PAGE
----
Syrian rebels say politicians are fabricating stories about chemical weapons
J.J. Green, WTOP national security correspondent
WASHINGTON - U.S. and European Union politicians are "creating" stories about Syrian chemical weapons developments as a precursor to enter Syria, says the main spokesman for rebels in the country.
Abu Rami, speaking to WTOP from Homs, in western Syria, says the Free Syrian Army (FSA) believes politicians are fabricating the stories to "create a door to enter Syria to stop the violence" in absence of a U.N. resolution.
"I believe they've reached the point where they feel they must intervene to make a hard step to stop Bashar al-Assad and his regime from killing people, so they are trying to create this opportunity to come through," Rami says.
U.S. officials, according to several media sources this week, said the Syrian government put its chemical weapons corps on alert to ready themselves for preparation of such weapons, which include sarin, VX and mustard gases.
Asked why he believed officials made the allegations, Rami - in a resentful tone that appears to have grown out of frustration - suggests guilt might be the reason.
According to Rami, the Syrian people have suffered while the world essentially stood by and watched.
"During the first months of the Syrian uprising, we called many times for the international community to take harder steps against Bashar al-Assad. Later we asked the outside world to intervene by all necessary means, either politically or military, but there was no response," he says.
Now, intervention in Syria only can happen under strict circumstances, according to Rami. International military forces are not wanted in Syria unless they meet specific demands, he says.
"The Free Syrian Army is getting stronger, but we need more specific weapons, and we do not welcome intervention unless the U.S. and EU supply the FSA the specific weapons the opposition asked for," Rami says.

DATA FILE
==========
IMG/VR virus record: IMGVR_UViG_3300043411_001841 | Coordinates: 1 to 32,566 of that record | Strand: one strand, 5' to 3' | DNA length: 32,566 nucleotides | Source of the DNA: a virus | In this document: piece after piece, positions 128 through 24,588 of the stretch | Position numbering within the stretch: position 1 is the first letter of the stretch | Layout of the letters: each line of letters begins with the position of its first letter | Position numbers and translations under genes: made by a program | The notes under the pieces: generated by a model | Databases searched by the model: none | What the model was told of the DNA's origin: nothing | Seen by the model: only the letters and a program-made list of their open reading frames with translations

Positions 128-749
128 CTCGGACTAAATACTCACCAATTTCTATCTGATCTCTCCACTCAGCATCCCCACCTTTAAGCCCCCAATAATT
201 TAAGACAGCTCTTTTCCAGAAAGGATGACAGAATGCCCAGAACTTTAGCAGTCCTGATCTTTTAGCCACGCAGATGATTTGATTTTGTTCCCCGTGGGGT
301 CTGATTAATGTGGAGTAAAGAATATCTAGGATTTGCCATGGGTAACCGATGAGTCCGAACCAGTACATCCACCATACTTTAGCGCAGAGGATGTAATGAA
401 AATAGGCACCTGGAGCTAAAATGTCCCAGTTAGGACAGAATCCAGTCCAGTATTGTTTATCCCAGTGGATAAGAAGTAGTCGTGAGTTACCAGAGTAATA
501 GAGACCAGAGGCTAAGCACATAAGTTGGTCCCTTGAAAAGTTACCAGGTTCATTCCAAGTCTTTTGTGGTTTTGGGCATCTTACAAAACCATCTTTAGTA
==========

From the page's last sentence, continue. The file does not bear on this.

Rami didn't elaborate on what those weapons were, but the U.S. has said repeatedly it won't arm the rebels. The FSA has, however, obtained rocket launchers and other weapons that have put the Syrian military on its heels.
The Syrian conflict began in March of 2011 with nationwide demonstrations by Syrians sympathetic to the Arab Spring movement.
In April of 2011, the Syrian army was sent to suppress the uprisings, and soldiers opened fire on civilians in demonstrations, accusing them of protecting armed activists. After months of turmoil, the protests evolved into an armed rebellion.
The opposition forces, made up mostly of defected soldiers and civilian volunteers, grew into a well-armed organization which eventually received military aid from several foreign countries.
There have been scattered reports for months that Syria has been mixing or moving chemical weapons stocks, which presents a troubling and confusing scenario, according to experts.
When it comes to sarin gas, Dr. David Kay - a former U.N. weapons inspector - says there are two types of mixing: "mixing to render chemicals harmless or mixing them to prepare them for use."
Now a senior research fellow at the Potomac Institute for Policy Studies, Kay says Syria's sarin gas is stored in "a binary form, which is harmless until chemicals are mixed together."
Given the instability in the country, the Syrians may be trying to protect the chemicals from falling into the possession of rebels or terrorists, adds Kay.
The U.S. State Department did not respond to inquiries about the rebels' allegations.
(Copyright 2012 by WTOP. All Rights Reserved.)